…that Glenn Beck was a lot more palatable, mostly because he hadn’t been born yet.
Right now, thousands are in Washington D.C. attending Beck’s Restoring Honor rally at the Lincoln Memorial. The event is shrouded in controversy due to the fact that Beck — whose racial-acceptance track record isn’t exactly spotless — scheduled the event for the same location and date that Rev. Dr. Martin Luther King Jr. delivered his famous “I Have a Dream” speech.
I’ve kept quiet about this, mostly because a lot of people in the public eye have done a great job of showcasing the ridiculousness of Beck’s stunt scheduling. However, leave it to Jon Stewart, who delivered the most delicious and on-target skewering, to once again outdo the mainstream media and make me feel the need to toss my two cents into the fountain of fury directed at Beck.
I might be late on this but here it is: Maybe we shouldn’t be mad about the Glenn Beck rally. To get angry over it is to give it power. There’s no way anything that happens today is going to be even partially as iconic, moving or memorable (or articulate, for that matter) than what happened at the Lincoln Memorial 47 years ago.
I was really mad about Beck decision to have the rally there on that date with an appearance from the Queen of the Mama Grizzlies herself. My anger only boiled higher as the event drew near. But, finally, after watching Stewart’s takedown, I got it: None of this matters. Just as us tokens out there define ourselves first so no one else can, I’m choosing to take the power out of Beck’s hands.
Let’s be honest, are our children going to read history books years from now that devote text to the Restoring Honor rally? Maybe, if the Texas Board of Education has its way, but probably not. The odds are, the rally will be nothing more than a really good story with no staying power, and we’ll be mentioning it in the same breath as Mel Gibson and Montana Fishburne. At best, today’s rally will be fodder for the inevitable VH1 special, “I Love the ’10s.”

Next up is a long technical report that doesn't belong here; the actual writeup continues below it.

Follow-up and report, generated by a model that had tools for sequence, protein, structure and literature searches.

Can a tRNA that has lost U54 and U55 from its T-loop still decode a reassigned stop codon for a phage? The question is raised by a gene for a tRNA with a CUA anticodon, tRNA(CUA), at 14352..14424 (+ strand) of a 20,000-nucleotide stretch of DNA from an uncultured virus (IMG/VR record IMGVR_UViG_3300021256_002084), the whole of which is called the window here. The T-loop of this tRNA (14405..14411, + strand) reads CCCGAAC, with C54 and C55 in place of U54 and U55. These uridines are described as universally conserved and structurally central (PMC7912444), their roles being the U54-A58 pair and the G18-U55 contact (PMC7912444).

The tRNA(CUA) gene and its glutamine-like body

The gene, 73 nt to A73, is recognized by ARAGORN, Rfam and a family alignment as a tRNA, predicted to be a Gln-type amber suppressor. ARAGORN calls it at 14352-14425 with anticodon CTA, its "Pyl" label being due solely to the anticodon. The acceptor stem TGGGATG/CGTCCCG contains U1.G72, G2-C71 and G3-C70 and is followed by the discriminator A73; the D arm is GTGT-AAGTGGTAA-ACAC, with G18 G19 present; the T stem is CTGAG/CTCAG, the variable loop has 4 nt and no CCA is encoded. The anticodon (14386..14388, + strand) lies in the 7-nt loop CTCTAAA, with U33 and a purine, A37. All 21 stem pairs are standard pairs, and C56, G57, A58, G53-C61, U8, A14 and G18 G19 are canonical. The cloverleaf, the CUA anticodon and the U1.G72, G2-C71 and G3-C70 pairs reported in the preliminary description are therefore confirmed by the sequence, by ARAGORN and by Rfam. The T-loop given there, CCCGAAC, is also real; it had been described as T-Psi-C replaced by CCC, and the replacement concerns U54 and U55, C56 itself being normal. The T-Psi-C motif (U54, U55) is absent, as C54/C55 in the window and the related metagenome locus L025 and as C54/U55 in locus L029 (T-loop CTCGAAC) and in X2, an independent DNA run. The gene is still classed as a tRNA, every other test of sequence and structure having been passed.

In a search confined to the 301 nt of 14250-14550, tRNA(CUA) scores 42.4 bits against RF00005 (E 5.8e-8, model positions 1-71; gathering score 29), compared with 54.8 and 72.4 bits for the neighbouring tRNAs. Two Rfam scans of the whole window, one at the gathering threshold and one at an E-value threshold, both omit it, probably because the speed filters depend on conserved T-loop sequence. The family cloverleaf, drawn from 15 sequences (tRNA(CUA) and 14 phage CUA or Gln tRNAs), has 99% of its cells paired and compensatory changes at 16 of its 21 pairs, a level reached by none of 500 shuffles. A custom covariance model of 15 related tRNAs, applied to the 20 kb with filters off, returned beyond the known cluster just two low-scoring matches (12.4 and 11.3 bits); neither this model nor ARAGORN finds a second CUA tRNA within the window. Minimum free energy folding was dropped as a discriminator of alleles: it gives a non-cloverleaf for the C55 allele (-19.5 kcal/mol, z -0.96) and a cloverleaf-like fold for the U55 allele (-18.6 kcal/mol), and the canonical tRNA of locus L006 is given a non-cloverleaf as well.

I’m glad people in the media are upset and have pointed out how insensitive Beck has been not only to history, Dr. King’s legacy and the spirit of the Civil Rights Movement. Beck is using highly coded racial language (“African-Americans don’t own Martin Luther King” and various mentions of taking back the Civil Rights Movement…hmmm, just like the Tea Partiers are taking back America from the black president, yes?) to stir ire. But I’m taking a stand. I’m not letting it work. We’ve recognized, we’ve ridiculed, we’ve wretched; and now it’s time to move on.
According to Stewart’s segment on “The Daily Show,” Beck at first claimed he had no idea he’d scheduled his rally for the same date and location as the March on Washington. Stewart says that’s entirely plausible. It is plausible, I just don’t think it’s what happened. I think Beck’s claim is intellectually dishonest. He knew exactly what he was doing, knew he’d get press for it, and things have worked out well for him.
It may seem hypocritical to blog almost 800 words on how I don’t care about something, but you can’t ignore something unless you’ve recognized it first. Otherwise, you’re not ignoring it, you’re just ignorant of it, much like how Beck “didn’t realize” the March on Washington occurred on August 28, 1963. Maybe Beck is ignorant. Or maybe he’s bothered by Dr. King’s legacy and how synonymous today’s date is with civil rights. Perhaps Beck is so furious over how intrinsically linked Dr. King is with the word “honor,” that Beck decided to try and leech some of that credibility. Maybe Beck would’ve been better off not conceding Dr. King and the Civil Rights Movement all of that power. Maybe the strongest statement Beck could’ve made against our “racist president” and his “Marxist” ways would’ve been to remain silent.